Question [obviously condensed by necessity]: I was intrigued by...the second of the letters you printed, the one that began with “What has the Catholic Church done to make you so hateful?” I think I can help with a more objective perspective. ...The lead article in December’s issue, “The King of the Jews,” was so poorly written I sent a copy of it to the friends who introduced me to TBC. I marked on it all the obvious examples of stereotype I could find—and they were numerous. I was shocked that you could seemingly write that all Muslims are terrorists. I lived five years in West Africa and had numerous friends who were Muslim, but only one seemed to me to have any potential of becoming a terrorist. But the concern of this letter...is your tendency to make sweeping generalizations and stereotypes. I suspect this is part of the problem that exists in your dialogue with Catholics. ...Stereotypes and generalizations (intentional or subliminal) are the bases for prejudice, racism, hate and pride....Depending on your current relationship with Karl [Keating] and others, an apology may be in order. You might find that a desire to know how things you may have said affected them may open the doors to a fruitful dialogue and...maybe even to a deepening friendship.
Response: Thank you for your letter. You say you marked on the December article “all the obvious examples of stereotype” and sent it to your friends. I’d like to see those examples. It may surprise you (since you suggested that I look to “a third party” to give me some objectivity) that ten or more people go over my articles very carefully and give me their suggestions for improvement. Oddly, not one said a word about “stereotypes” or “generalizations”! You give me one example: that I “write that all Muslims are terrorists.” I couldn’t find where I said or even implied that. I did say that “Islamic fundamentalism...brazenly employs terrorism worldwide.” That is a fact. How does stating that fact set up “stereotypes” or claim that all Muslims are terrorists?
I gave numerous quotations from the Koran and from leading Muslims to the effect that it is the religious duty of every Muslim (obviously all Muslims do not live up to their religion any more than do all Catholics or all Protestants) to destroy Israel; I stated that all Muslim scholars agree it is the sacred duty of every Muslim in every age to wage jihad to cause the entire world to submit to Islam. Do you accuse Muslim scholars of stereotyping? I mentioned that “there are more than 100 verses in the Koran about fighting and killing in that quest.” I presented the facts from history that Islam was spread with the sword, and documented as much as possible in a brief article that this is still the official teaching of Islam to this day. Where is the stereotyping? That you have known Muslims (as have I) who were kind and loving people does not change the official and fundamental teaching of Muhammad, the Koran or Islam’s leaders today.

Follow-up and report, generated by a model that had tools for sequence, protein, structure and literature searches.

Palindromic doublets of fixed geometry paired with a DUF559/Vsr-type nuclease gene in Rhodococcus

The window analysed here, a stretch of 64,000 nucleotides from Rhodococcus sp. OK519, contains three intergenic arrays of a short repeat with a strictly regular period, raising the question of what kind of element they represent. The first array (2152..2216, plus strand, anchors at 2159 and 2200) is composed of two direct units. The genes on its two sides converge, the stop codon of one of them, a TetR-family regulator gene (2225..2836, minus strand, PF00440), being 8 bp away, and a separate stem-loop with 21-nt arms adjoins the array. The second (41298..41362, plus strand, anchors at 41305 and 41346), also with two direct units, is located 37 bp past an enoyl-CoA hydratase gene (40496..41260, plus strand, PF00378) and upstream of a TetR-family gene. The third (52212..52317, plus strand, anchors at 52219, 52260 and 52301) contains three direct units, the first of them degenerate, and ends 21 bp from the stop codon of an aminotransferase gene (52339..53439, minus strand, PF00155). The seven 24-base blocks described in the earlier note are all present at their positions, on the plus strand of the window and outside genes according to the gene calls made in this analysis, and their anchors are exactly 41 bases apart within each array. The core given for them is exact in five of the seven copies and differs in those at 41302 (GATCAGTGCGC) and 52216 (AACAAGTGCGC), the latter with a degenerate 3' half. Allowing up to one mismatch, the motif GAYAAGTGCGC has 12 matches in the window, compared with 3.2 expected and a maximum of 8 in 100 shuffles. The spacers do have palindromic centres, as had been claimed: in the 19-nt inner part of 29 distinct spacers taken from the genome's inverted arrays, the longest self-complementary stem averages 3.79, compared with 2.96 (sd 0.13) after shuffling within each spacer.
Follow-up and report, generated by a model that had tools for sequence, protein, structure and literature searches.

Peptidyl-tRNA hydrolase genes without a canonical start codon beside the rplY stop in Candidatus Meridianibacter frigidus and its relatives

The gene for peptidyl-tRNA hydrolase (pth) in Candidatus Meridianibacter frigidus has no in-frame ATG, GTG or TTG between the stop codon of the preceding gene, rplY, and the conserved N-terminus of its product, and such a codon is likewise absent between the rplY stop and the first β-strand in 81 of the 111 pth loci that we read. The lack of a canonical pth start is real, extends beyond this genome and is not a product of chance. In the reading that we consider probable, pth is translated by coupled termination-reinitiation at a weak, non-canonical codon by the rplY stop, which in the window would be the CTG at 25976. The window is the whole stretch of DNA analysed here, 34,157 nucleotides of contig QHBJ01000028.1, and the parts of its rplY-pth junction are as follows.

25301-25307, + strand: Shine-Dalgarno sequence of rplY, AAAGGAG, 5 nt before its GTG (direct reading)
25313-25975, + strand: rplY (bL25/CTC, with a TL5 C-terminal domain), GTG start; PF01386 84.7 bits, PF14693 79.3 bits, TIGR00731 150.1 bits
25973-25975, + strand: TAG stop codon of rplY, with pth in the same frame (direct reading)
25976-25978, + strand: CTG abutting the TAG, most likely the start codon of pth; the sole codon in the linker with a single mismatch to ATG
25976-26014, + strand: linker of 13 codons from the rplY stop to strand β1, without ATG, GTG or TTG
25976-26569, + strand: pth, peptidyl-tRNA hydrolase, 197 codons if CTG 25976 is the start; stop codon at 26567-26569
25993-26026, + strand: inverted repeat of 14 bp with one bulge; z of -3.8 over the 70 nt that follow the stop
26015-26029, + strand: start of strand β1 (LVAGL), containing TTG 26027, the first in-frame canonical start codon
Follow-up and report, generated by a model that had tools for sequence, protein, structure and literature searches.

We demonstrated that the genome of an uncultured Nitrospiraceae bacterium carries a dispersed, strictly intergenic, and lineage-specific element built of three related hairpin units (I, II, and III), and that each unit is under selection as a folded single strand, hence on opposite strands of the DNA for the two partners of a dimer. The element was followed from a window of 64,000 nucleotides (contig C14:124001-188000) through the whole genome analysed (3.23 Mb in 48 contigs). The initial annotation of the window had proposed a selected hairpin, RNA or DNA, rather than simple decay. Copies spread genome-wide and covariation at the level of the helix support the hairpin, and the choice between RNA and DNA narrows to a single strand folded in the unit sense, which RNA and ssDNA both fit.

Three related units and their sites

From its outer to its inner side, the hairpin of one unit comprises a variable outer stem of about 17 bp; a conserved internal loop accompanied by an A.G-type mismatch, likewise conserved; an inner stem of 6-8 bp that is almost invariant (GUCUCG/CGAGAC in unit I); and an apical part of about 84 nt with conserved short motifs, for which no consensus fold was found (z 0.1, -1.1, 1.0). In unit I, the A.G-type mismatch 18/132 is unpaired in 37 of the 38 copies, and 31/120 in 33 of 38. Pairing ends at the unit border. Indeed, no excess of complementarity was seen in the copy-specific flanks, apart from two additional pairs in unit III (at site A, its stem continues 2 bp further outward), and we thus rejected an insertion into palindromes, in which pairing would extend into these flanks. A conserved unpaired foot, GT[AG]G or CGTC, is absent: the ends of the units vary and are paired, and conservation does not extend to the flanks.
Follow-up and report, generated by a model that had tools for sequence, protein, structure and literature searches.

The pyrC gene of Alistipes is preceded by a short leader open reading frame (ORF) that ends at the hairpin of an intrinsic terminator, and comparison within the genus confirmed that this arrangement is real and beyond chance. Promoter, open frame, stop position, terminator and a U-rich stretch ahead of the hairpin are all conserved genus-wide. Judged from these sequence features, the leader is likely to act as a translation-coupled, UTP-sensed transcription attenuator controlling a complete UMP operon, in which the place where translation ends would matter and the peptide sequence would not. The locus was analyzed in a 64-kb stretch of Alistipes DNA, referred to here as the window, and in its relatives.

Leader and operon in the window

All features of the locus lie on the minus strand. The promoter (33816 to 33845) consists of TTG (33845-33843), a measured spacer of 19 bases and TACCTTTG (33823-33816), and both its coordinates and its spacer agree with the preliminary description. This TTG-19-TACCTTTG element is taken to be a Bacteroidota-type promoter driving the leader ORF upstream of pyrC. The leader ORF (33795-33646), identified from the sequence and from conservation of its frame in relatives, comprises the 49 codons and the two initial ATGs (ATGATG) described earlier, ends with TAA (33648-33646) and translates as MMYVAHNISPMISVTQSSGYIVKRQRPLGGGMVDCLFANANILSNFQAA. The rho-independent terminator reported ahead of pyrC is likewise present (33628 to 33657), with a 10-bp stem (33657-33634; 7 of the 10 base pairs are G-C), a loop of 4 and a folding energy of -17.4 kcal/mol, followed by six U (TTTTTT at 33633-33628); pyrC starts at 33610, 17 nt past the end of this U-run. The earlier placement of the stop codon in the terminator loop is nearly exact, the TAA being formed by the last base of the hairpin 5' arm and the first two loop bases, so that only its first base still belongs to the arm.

You accuse me of “stereotypes and generalizations...[which] are the bases for prejudice, racism, hate and pride.” A serious charge indeed—so serious that for my own good I hope you will supply specific examples so that I can apologize where needed and avoid such error in the future.
You characterize Islam as having some apparently minor “theological error” and say “but at least they believe in God.” In fact, their Allah is not God and I hope by now you understand that from reading the February Q&As. You suggest the same unimportant “theological error in Catholicism” and add, “but at least they believe in Christ crucified.” Yes, but their “Christ” is crucified perpetually on their altars and is transmuted into a wafer for ingestion into the stomach. Furthermore, the “merits and graces” He won on the cross can only be received in installments via Roman Catholic sacraments plus good works, prayers to “saints,” the wearing of medals and scapulars, etc., leaving one in need of purification in purgatory before entrance into heaven. Theirs is not the Christ of the Bible nor the biblical gospel that saves.
As for apologizing to Karl Keating, I surely would if I were aware of a need to do so. If you know of something I have said or done for which I should apologize, please tell me.
Your letter emphasized “grace.” Does grace mean to ignore facts and to cover them over by accusing those who present them of “stereotyping and generalizing”? I trust you will send a copy of this letter to your friends.